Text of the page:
September 10, 2020: The European Central Bank left policy unchanged on Thursday but with the economic recovery losing momentum and a strong euro dampening inflation expectations, ECB President Christine Lagarde is expected to set the stage for more stimulus later.
Having pulled out the stops this spring to halt a historic economic decline across the 19-country currency bloc, the ECB has time to let governments implement their own countermeasures and for its own ultra-easy policy to seep into the real economy.
But hurdles to the rebound from a 12% output drop in the second quarter are proving bigger than expected, and economists say the ECB will have to take more action, possibly in December.
“The Governing Council continues to stand ready to adjust all of its instruments, as appropriate, to ensure that inflation moves towards its aim in a sustained manner, in line with its commitment to symmetry,” the ECB said after a widely expected decision.
The problem is that fresh data point to waning investor and consumer confidence amid a resurgence in coronavirus infections, with many fearing fresh restrictions on ordinary life.
But more importantly for the ECB, inflation has turned negative, raising the risk that longer term price growth expectations also take a hit, leading to a hard-to-reverse downward spiral.
This is crucial for the ECB, which has undershot its nearly 2% inflation target for the past seven years, casting doubt on the credibility of a policy suite that is radical, yet fails to achieve its objective.
Compounding the problem, the euro has firmed 8% against the dollar, eroding export competitiveness and cutting inflation further as import costs fall.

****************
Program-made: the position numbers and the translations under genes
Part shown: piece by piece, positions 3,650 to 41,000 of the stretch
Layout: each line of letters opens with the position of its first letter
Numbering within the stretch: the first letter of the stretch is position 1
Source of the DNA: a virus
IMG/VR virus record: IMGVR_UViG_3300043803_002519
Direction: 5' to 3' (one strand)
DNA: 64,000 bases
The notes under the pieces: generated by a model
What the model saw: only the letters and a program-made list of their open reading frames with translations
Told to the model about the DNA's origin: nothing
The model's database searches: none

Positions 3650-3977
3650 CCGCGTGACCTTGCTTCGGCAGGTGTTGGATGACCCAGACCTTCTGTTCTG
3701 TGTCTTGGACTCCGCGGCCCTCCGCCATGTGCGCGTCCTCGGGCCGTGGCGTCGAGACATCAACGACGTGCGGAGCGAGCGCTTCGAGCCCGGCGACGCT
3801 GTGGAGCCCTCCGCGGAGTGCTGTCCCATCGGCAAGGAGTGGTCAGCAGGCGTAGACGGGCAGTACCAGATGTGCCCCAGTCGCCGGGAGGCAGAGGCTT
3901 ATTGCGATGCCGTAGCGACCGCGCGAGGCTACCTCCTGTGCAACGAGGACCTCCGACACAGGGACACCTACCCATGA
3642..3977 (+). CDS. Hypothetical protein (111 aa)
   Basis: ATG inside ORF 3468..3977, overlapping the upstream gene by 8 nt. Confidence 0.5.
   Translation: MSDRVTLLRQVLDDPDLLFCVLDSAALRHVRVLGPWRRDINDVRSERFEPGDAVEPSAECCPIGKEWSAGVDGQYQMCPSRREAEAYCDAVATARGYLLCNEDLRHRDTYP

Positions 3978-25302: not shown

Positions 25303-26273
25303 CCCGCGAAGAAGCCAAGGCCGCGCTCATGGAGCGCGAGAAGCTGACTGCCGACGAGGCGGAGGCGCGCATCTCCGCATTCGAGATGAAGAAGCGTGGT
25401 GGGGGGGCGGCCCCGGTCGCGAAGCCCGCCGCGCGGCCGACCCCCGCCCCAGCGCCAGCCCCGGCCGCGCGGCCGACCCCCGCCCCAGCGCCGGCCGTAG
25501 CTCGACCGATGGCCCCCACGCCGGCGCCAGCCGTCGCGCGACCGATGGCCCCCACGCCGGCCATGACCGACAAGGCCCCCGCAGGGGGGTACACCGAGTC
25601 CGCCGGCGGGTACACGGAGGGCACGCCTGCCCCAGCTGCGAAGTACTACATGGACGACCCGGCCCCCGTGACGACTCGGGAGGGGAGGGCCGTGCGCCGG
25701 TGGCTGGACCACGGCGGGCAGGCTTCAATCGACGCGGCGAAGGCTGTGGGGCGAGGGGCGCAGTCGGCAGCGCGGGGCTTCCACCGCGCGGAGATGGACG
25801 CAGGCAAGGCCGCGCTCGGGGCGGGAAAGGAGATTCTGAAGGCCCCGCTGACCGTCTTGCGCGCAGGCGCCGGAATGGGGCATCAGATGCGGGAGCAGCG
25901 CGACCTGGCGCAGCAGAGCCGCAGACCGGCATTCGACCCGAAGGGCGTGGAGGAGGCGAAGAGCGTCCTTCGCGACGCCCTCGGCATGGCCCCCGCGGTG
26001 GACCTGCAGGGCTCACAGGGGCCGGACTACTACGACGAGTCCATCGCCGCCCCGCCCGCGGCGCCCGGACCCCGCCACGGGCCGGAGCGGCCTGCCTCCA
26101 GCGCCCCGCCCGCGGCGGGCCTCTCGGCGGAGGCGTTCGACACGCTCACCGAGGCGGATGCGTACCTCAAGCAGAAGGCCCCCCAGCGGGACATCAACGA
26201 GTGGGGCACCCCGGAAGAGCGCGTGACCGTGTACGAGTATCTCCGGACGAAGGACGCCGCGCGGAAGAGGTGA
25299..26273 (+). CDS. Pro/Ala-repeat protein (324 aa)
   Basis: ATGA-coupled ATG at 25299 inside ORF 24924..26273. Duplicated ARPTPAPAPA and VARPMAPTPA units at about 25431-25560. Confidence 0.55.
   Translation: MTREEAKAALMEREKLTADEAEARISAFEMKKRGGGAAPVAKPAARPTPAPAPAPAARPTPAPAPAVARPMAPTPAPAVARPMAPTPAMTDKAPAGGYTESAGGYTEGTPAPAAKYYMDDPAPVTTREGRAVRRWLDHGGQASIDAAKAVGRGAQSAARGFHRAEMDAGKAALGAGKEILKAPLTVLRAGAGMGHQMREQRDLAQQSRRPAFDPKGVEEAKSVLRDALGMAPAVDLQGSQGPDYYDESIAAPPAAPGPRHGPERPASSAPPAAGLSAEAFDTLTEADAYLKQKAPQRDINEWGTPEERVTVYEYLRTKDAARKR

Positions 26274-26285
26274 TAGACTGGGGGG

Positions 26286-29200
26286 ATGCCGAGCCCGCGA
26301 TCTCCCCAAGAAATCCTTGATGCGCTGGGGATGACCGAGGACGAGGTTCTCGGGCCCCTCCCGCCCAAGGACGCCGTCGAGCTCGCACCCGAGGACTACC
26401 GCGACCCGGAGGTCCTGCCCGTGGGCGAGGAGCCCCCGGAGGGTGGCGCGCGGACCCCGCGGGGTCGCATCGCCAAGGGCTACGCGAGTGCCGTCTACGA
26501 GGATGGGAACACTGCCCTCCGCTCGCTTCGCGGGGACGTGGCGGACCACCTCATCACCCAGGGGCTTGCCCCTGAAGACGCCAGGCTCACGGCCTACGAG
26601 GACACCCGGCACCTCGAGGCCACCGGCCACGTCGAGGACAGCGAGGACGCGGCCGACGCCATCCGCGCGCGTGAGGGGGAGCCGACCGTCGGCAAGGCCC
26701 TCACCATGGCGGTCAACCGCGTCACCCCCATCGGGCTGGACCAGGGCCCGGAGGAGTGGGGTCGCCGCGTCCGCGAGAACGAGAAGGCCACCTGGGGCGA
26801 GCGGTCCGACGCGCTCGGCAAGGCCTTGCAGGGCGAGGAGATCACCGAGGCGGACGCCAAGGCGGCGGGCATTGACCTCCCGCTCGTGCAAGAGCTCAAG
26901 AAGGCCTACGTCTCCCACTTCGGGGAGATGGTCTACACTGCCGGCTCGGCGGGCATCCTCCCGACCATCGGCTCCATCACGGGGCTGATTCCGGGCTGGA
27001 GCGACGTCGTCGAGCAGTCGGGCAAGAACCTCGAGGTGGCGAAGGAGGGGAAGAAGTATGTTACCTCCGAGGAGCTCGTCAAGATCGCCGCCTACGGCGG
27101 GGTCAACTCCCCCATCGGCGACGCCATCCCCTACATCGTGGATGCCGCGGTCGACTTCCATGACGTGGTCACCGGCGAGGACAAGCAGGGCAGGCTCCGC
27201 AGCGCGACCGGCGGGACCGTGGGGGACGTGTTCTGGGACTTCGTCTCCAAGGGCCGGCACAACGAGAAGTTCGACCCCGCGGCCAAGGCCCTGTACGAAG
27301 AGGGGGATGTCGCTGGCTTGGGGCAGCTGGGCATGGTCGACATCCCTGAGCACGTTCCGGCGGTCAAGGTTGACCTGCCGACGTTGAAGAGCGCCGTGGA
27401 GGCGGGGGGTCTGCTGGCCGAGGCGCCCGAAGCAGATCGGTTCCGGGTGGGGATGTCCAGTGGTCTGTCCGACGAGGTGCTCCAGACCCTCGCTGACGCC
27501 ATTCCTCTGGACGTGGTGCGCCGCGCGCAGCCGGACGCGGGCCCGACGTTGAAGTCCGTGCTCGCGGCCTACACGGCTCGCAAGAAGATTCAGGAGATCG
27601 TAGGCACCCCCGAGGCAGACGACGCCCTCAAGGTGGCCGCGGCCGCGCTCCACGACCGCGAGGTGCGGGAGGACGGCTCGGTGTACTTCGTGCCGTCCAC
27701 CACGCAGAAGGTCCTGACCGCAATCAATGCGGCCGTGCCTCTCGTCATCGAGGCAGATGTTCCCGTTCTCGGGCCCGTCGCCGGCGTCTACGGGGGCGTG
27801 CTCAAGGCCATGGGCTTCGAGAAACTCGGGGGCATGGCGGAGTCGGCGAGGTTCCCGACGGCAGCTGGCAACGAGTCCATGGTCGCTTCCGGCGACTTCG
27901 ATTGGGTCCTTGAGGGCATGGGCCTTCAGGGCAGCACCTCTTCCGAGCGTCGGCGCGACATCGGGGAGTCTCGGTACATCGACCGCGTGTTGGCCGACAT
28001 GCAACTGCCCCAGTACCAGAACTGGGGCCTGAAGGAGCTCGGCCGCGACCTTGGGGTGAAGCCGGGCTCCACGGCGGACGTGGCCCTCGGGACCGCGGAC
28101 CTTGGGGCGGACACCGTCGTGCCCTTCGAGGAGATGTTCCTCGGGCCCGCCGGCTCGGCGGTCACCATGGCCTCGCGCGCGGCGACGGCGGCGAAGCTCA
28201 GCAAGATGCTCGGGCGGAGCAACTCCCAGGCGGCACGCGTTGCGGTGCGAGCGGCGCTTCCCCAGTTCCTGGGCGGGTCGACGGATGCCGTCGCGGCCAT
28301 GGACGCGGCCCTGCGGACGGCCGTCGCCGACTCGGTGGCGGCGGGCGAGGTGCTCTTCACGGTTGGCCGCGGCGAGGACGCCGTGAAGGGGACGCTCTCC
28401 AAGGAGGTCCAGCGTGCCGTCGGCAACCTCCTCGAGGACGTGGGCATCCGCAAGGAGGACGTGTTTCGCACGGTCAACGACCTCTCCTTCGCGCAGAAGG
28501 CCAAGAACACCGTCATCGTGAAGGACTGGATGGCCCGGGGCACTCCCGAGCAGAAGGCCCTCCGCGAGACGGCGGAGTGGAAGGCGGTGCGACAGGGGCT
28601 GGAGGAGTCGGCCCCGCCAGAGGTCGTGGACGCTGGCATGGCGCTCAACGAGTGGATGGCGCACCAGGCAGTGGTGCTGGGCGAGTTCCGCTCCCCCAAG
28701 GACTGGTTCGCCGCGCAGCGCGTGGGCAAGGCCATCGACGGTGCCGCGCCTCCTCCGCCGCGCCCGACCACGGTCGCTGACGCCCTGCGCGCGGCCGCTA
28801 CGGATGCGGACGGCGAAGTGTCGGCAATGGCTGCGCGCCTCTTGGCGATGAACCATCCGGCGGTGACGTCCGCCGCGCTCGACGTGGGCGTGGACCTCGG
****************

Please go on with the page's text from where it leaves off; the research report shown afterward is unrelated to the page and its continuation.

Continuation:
Attention now turns to Lagarde's 1230 GMT press conference, during which she will unveil fresh economic forecasts and face questions about the euro's strength and prospects for more stimulus.
Lagarde is faced with a complicated communications exercise. She cannot target the exchange rate but also cannot just ignore the euro's rapid rise to near $1.20.
“Ms. Lagarde will need to walk a tightrope, probably hinting that the ECB is monitoring the implications of euro appreciation for price stability, and that all tools can be adjusted as needed to meet the inflation mandate,” UniCredit said in a note.
“That said, we doubt that her rhetoric will be sufficiently bold to trigger a trend reversal in the euro.”
Attempting to guide the currency is risky, and four ECB board members, including Lagarde and chief economist Philip Lane are lined up to speak in the next 24 hours, suggesting the ECB is preparing to fine-tune its message if markets react poorly. Adding to the challenge for Lagarde is the U.S. Federal Reserve's tweak last month to its own inflation target, which suggests it will raise rates later than in the past and could put downward pressure on the dollar.
Once it is time to turn words into action, the ECB is likely to keep relying on its 1.35 trillion euro Pandemic Emergency Purchase programme to hoover up even more debt to keep euro zone governments' borrowing costs down.
While some policymakers argue that the scheme needs to be wound down once the coronavirus crisis is over, bond issuance is expected to spike next year, meaning any hint that the ECB will step back from the market risks pushing yields higher.
With Thursday's decision, the ECB's benchmark deposit rate remains at minus 0.5% while the main rate remains at 0%.